A woman, made famous after fellating a powerful man, dreams of Francis Ford Coppola’s oranges tearing a hole through her brown sack, bouncing past the crow perched on the curb cawing: Pa! Pa! Pa! Pa! Dreams of an orange slice covering the teeth of an old man with one bad eye under the black grape vineyard. Of the rind pared off with a sharp knife into a perfect coil. Of the sections pulled apart like small bloody lungs, each an aspirated sigh. The oranges portend death by deals and death by bullets and death by garrote and lightning bolts. Dreams she excretes a senator a president a judge a river a volcano in Sicily. She thinks, if only a mandolin played in the background of my life, it would be far less nuanced. She’d eat black olives and fresh cheese; rice; sip espresso in bone demitasse. There would be windows in badly painted rooms, thick with white leaded paint. People would fall from the windows and she’d call them suicides or hopeful for some believed they could fly. If a mandolin played, the fall would be profound. She’d look up from her lunch she’d spread on the lawn by the black grape vineyard: the thick mozzarella, the squid ink vermicelli, the plums.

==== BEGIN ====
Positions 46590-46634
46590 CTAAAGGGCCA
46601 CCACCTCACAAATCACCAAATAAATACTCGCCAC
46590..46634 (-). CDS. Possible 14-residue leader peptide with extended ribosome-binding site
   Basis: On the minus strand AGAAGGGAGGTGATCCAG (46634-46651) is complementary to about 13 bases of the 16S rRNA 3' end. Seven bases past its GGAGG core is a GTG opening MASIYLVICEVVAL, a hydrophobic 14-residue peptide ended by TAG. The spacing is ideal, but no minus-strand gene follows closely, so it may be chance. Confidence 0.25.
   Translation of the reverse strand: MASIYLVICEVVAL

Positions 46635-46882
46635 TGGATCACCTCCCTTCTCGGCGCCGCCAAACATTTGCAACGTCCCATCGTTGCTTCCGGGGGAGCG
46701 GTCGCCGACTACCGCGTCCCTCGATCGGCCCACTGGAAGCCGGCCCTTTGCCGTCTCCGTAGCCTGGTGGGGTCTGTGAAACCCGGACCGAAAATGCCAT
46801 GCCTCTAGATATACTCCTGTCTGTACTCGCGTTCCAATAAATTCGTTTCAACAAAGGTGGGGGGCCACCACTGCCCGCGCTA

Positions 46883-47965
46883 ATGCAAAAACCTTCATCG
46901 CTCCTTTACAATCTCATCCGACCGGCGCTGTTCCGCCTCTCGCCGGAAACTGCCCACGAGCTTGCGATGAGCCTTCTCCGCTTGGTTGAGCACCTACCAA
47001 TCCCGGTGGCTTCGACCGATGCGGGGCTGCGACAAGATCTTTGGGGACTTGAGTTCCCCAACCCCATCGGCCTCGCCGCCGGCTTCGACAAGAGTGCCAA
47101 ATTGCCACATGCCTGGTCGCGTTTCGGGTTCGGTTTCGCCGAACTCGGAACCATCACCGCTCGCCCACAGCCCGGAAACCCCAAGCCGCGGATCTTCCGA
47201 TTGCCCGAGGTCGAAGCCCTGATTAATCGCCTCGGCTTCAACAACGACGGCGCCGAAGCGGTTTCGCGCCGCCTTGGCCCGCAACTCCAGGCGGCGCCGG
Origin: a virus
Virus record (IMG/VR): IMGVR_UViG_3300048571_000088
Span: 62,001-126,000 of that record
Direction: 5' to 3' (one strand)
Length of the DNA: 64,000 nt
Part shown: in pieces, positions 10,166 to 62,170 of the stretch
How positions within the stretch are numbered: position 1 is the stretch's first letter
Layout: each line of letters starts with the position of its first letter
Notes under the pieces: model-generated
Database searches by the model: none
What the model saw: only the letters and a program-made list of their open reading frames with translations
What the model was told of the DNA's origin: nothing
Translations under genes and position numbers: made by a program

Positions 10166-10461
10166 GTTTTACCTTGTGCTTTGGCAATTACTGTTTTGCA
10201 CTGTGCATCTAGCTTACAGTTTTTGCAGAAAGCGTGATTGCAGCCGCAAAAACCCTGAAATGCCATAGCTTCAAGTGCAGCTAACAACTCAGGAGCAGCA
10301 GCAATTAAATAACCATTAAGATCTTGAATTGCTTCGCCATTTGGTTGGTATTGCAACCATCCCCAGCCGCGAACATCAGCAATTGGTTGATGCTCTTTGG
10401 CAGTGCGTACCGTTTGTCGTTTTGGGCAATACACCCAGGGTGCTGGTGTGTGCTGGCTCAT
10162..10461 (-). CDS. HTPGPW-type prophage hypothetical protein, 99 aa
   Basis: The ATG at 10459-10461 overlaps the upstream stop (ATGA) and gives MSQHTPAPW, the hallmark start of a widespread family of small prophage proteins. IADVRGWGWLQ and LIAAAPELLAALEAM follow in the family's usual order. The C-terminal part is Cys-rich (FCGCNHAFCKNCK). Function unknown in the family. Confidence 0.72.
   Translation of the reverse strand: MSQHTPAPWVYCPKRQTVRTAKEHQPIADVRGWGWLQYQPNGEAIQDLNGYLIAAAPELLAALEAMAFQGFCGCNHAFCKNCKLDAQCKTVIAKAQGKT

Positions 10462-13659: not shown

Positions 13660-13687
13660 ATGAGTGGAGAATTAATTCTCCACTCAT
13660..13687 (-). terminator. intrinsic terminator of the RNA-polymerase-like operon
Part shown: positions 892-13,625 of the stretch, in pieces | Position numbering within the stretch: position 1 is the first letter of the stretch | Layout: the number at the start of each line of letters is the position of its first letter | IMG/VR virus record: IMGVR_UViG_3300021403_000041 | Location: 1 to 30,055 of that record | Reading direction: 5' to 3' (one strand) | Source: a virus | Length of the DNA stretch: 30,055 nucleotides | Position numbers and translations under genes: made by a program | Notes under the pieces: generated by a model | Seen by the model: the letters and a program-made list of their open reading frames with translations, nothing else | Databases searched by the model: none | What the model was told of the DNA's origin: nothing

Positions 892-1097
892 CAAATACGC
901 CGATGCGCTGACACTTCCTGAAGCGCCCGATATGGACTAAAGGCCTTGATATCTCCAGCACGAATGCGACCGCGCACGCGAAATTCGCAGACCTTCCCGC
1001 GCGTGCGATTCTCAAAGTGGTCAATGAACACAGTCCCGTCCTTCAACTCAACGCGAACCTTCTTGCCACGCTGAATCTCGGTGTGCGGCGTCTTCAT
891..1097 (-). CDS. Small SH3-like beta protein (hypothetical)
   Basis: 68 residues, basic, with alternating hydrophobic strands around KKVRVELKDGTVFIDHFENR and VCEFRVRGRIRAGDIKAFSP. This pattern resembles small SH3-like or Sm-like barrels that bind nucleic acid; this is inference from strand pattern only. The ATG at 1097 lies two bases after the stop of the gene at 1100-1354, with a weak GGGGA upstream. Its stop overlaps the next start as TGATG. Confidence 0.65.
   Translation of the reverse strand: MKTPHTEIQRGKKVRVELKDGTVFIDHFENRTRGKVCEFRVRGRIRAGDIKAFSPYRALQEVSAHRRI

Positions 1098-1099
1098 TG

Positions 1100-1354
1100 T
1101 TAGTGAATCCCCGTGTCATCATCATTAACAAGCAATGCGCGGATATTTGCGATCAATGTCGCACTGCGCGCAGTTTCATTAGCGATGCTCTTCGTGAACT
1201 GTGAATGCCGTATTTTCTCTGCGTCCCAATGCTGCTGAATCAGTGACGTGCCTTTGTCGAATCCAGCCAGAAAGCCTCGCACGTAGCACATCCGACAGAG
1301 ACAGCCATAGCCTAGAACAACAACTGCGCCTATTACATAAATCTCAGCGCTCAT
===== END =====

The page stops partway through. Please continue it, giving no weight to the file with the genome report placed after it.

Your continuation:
While at a poetry reading, she ponders how some women are born from their father’s heads and ask to remain virgins forever. Bunny Putnam, great-great-great-grandson of witch hunters and witch accusers, a man secure enough to be called Bunny, has a plaque on the wall at the Athenaeum, across from the bookshelves where the taxidermied owls sit, dusty. Women born from their fathers’ heads take on the worst aspects of their fathers: they brood like owls, awake all night and they hunt so silently any maps or photos taped to the wall fall off. Or, fuses blow and a darkness drops so sudden you wonder, Did I die? or Am I truly not here? which is what the case is: truly, you are not here. Or truly, you did die because the sirens are wailing outside the Athenaeum. No one likes sitting in a pitch black room. No one likes crouching inside a hollow skull. Athena grew inside Zeus’s head and poked the bone plates with her spear until his pain caused lightning storms all over the North Shore. He swore never to swallow a woman again, even if he was caught philandering. She’d assumed Bunny was a woman, especially when trying to decide if she was here, or there, or with the owls. How strong he must have been to earn that moniker, Bunny: the gentlest, horniest beast of all that God made, the easiest prey.
Jennifer Martelli’s debut poetry collection, The Uncanny Valley, was published in 2016. Her poetry has appeared in Up the Staircase Quarterly, Vector Press and Tar River Poetry. Her prose has appeared in Drunken Boat, Gravel Literary Journal, and Glint. She is the recipient of the Massachusetts Cultural Council Grant in Poetry and is an associate editor for The Compassion Anthology.